I met a young woman outside a store where we were both waiting.  We discovered we shared a birthday that day.  I told her she was pretty.  She was taken aback that I'd say something nice, and then worried I was hitting on her.  I laughed and said I like boys.  We chatted and laughed some more for maybe 15 minutes before we left in different directions, never to see each other again, but with positive memories.

It was such a simple thing.  She was pretty, and nice too.  She was pleasant to talk with when I was burning time.  One small action that didn't cost me anything for a young, black woman who told me she needed a kind word that day.  My bit for race relations might be a helpful memory for her when she listens to racist comments.

Haters get more coverage than the majority of people who don't share those views.  What if all of us who care about others make more effort to say nice things to each other?  Open doors, treat people like people, express some curiosity about them?  Listen to their stories, or just smile?


Friday, January 5, 2018


I can't swear that I didn't reuse some words in this piece.  I tried to pay attention, but proofreading isn't one of my better skills.  I took this week's prompt as a test of how many A words I could think up.  I'll admit I started cheating, but sometimes getting a word off the computer reminded me of quite a few more words lurking in my mind.  I also remembered words that I couldn't define.  I can't really explain why I'd know a word exists without knowing how to use it.  I'm not sure I'll ever really understand my own brain, but I continue to look at it as an interesting object worth studying.

I started another painting, but it isn't far enough along to show it to you yet.  Instead, let's look back at the year that was.

I'm reminded that I've spent much of the last year obsessed with the news.  I try to ignore it, but I can't.  Sometimes my obsession leaked into my posts.  I tried to keep that at a minimum because I like to get along and share happier thoughts.  Some of the things I wrote about in the last year feel like they happened a super long time ago.  Did I testify in court in February?!  I'm pretty sure that was at least 5 or 6 years ago.  Went to the cheese factory with Bro2?  That had to be in some other year too.  Some things feel so immediate I can't believe they happened months ago.  I'm also reminded of things that I didn't discuss but were seeping through the tone of my posts.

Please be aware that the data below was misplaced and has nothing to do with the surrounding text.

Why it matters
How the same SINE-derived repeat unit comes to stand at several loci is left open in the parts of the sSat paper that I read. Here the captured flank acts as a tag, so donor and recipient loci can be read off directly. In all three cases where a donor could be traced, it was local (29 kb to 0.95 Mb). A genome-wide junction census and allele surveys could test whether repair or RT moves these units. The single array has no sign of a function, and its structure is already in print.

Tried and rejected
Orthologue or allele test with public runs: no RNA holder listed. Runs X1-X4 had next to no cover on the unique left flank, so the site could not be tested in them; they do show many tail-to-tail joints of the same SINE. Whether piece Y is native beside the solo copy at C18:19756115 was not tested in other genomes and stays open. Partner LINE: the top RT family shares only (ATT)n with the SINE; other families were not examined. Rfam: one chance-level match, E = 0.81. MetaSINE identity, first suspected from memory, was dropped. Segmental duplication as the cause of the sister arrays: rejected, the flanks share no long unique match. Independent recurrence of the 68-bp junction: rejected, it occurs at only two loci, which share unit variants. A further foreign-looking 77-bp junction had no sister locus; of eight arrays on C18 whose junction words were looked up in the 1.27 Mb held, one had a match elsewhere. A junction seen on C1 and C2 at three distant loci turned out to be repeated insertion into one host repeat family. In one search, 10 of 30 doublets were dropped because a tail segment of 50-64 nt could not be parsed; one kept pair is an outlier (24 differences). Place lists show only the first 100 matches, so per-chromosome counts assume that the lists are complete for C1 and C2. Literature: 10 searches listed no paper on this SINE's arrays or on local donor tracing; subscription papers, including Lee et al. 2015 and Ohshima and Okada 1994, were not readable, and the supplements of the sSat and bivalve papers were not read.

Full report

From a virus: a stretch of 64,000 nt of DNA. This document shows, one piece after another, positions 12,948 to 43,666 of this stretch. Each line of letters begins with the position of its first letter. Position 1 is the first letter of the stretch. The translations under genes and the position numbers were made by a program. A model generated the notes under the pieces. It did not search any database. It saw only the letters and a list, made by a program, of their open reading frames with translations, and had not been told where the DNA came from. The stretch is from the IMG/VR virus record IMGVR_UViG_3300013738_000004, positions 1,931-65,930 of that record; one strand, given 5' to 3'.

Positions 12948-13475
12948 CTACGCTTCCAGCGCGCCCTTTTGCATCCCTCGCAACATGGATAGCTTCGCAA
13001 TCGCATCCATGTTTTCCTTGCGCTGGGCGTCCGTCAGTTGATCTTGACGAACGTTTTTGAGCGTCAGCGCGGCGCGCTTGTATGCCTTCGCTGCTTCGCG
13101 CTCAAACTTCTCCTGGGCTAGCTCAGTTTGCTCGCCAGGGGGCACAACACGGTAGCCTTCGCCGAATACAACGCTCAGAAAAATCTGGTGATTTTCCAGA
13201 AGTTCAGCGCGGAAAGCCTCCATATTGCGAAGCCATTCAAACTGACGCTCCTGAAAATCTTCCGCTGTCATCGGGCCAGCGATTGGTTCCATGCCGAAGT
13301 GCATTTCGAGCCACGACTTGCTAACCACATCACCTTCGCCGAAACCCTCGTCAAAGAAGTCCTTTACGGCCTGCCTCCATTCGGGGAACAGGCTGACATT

I lost 3 friends in 2017.  Two died, one was very old, one was too young.  The third friend is just going in a different direction with different values and priorities than me.  It happens.  It's sad.  I wish him well.  I found out another friend died a couple of years ago.  I hadn't kept up with him, but I'd kept him in my heart.  Even though he died a while ago the fact of his death is new to me.  I'm feeling my own mortality.

I ranted about wildlife more than is seemly, which is ironic coming from a life-long environmentalist.  I even married a professional environmentalist at one time.  That was a mistake, but hey, live and learn.  My deer and groundhogs are safe from my murderous thoughts, still brimming over with glossy health.  I expect they'll demolish this year's garden and I'll probably complain about it.

I wrote a book.  I even sent out a number of query letters to publishers.  I still think the book should be published, but I didn't send enough queries.  I just collapsed on my momentum.  I mean really, I already devoted all that time writing the thing.  Why do I have to put in energy to sell it?  Besides, it's a non-fiction effort on a topic I want to forget (working for Religion).  I'm adjusting my attitude about this starting next week.

I painted this year, real paintings that I'm proud of myself for creating.  I did some illustrations for magazines.  That felt good.  Sometimes I wrote about making art too.

Mostly, I think the past year was focused on decluttering my mind, pulling out past issues that never seem to die and trying to find a new way forward, taking time to breathe and evaluate what really matters to me.  I've spent a lot of time studying better ways to accomplish these goals too.  I'm pretty sure those topics will come up in some future posts.

Wishing everyone a happy, successful, productive 2018!